|Publication number||US6677218 B2|
|Application number||US 10/210,374|
|Publication date||Jan 13, 2004|
|Filing date||Jul 31, 2002|
|Priority date||Jul 31, 2001|
|Also published as||US20030032259|
|Publication number||10210374, 210374, US 6677218 B2, US 6677218B2, US-B2-6677218, US6677218 B2, US6677218B2|
|Inventors||Markus Kirchhoff, Martin Schrems|
|Original Assignee||Infineon Technologies Ag|
|Export Citation||BiBTeX, EndNote, RefMan|
|Patent Citations (18), Non-Patent Citations (2), Referenced by (10), Classifications (17), Legal Events (7)|
|External Links: USPTO, USPTO Assignment, Espacenet|
Field of the Invention
The invention relates to a method for fabricating an integrated semiconductor circuit, in which a recess is formed in a surface of a semiconductor substrate, a material is grown on the inner wall of the recess, an electrically insulating layer is produced on the surface of the semiconductor substrate outside the recess, and the material is grown selectively on the inner wall of the recess as a result of the semiconductor substrate, as an electrode, being brought into contact with an electrolysis liquid and electrolysis being carried out, during which the insulating layer prevents the material from growing outside the recess.
During the production of integrated semiconductor circuits, recesses, in particular, trenches, are formed and are then filled with a different material than the semiconductor substrate, generally, silicon. Often, relatively complex structures are also produced within a trench. In some cases, it is necessary for the inner wall of the trench to be covered with a thin film without the trench being completely filled. In these applications, the trenches are very deep in relation to their cross-section; they have a high aspect ratio, i.e., a high ratio of the trench depth to the trench cross-section. In the case of shallow trench isolations, the ratio may be between 2 and 8, while in the case of deep trench isolations this ratio may be up to 60.
To fill deep trenches or to cover their inner wall, the material that is to be introduced or the constituent that has to be introduced to form the material has to be guided onto the inner wall such that the trench opening is not closed up before the trench has been filled or its inner wall has been lined.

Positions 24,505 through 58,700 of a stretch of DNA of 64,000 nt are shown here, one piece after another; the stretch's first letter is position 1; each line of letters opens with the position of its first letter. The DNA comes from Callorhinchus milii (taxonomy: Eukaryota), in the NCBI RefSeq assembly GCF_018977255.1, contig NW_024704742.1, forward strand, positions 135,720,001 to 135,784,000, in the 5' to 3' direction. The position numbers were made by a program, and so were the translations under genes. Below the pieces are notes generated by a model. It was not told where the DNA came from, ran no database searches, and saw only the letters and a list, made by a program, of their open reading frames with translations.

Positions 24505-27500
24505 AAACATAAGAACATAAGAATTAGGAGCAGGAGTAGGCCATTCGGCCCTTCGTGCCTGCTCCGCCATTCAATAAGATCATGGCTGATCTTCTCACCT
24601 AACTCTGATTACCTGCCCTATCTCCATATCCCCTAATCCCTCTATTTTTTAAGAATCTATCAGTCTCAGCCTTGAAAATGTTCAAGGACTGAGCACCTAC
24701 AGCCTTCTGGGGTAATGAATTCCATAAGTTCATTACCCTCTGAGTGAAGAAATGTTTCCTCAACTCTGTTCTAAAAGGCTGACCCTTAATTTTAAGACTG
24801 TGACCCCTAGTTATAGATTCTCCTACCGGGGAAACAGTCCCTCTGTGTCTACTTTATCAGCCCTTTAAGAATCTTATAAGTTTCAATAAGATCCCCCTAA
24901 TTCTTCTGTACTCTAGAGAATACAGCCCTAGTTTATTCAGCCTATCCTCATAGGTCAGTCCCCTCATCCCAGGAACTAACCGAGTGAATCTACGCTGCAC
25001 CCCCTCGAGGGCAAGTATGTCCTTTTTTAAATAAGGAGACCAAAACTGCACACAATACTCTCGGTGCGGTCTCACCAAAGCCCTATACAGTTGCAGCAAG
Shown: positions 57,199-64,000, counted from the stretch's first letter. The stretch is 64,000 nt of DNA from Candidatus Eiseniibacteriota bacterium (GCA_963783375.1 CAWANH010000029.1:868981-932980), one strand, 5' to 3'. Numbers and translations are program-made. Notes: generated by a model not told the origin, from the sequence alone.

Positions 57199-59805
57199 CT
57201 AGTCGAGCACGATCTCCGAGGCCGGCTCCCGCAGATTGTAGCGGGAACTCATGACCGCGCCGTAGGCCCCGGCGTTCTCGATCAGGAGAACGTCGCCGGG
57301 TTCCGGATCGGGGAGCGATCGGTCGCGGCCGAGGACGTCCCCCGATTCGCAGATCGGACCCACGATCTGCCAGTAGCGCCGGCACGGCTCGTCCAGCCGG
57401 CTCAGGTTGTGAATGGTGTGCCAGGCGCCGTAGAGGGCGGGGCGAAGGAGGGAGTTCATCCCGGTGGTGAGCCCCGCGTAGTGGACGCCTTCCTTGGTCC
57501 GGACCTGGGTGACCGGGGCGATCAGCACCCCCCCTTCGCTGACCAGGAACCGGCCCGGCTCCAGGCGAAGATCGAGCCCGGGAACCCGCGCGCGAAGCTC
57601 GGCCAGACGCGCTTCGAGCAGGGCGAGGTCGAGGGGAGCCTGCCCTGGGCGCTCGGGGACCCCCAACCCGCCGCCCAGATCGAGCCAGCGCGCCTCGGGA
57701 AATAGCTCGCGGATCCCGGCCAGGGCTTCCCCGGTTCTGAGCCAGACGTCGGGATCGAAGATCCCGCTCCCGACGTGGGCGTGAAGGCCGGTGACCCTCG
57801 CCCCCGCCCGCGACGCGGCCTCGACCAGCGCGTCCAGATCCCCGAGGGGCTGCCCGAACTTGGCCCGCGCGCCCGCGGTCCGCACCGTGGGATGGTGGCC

Keeping the trench opening clear during the deposition represents a considerable technical problem, in particular, in the case of deep trenches. It is often not possible to achieve complete, void-free filling of the trenches because growth closes up the trench in its upper region before it has been completely filled from below. In such a case, cavities, referred to as voids, remain in the interior of the trench.
The method that is most frequently used for partial or complete filling of a trench is chemical vapor deposition (CVD). In the CVD method, chemical compounds, such as for example, oxides or nitrides, are deposited from a vapor phase, which generally contains organometallic substances. Therefore, the deposition takes place over the entire surface of the semiconductor substrate, i.e., both within and also laterally outside or above the recesses. The deposition takes place to a thickness that corresponds to at least half the trench diameter, and, consequently, the growth closes up the trench from the sides. In the case of anisotropic deposition in a direction that is perpendicular to the substrate surface, the trench can also be filled from the bottom. During the filling of a trench with the aid of deposition, a layer that extends over the entire surface of the semiconductor substrate is deposited, the layer having to be removed again above the trench opening. Such removal requires planarization processes, such as chemical mechanical polishing (CMP). These processes entail additional outlay and, on account of topography structures of the semiconductor substrate, do not always result in complete and uniform removal of the deposited material. In some cases, oxidation processes are used to form oxide layers on regions of the surface of a semiconductor substrate. A metal that is exposed on an inner wall of a trench can also be oxidized in this way. The oxidation is carried out at high temperatures in an oxygen-containing environment. However, during the filling of trenches by oxidation processes the oxide layer also grows on the substrate surface; furthermore, the temperature of, for example, 600° C. required for the oxidation, which would have to be maintained throughout the entire duration of the conditioning step, can cause damage to semiconductor structures.
For the material that is intended to fill the trenches to be deposited only in the trenches but not on the remainder of the substrate surface, prior art methods provide for an electrically insulating layer to be produced on the surface of the semiconductor substrate outside the recess and for the material to be grown selectively on the inner wall of the recess as a result of the semiconductor substrate, as electrode, being brought into contact with an electrolysis liquid and electrolysis being carried out, during which the insulating layer prevents the material from growing outside the recess. The material that is grown by electrolysis only on the inner wall of the recess obviates the need for subsequent removal of the outer substrate surface because the electrically insulating layer that has been applied to this surface prevents electrolytic growth.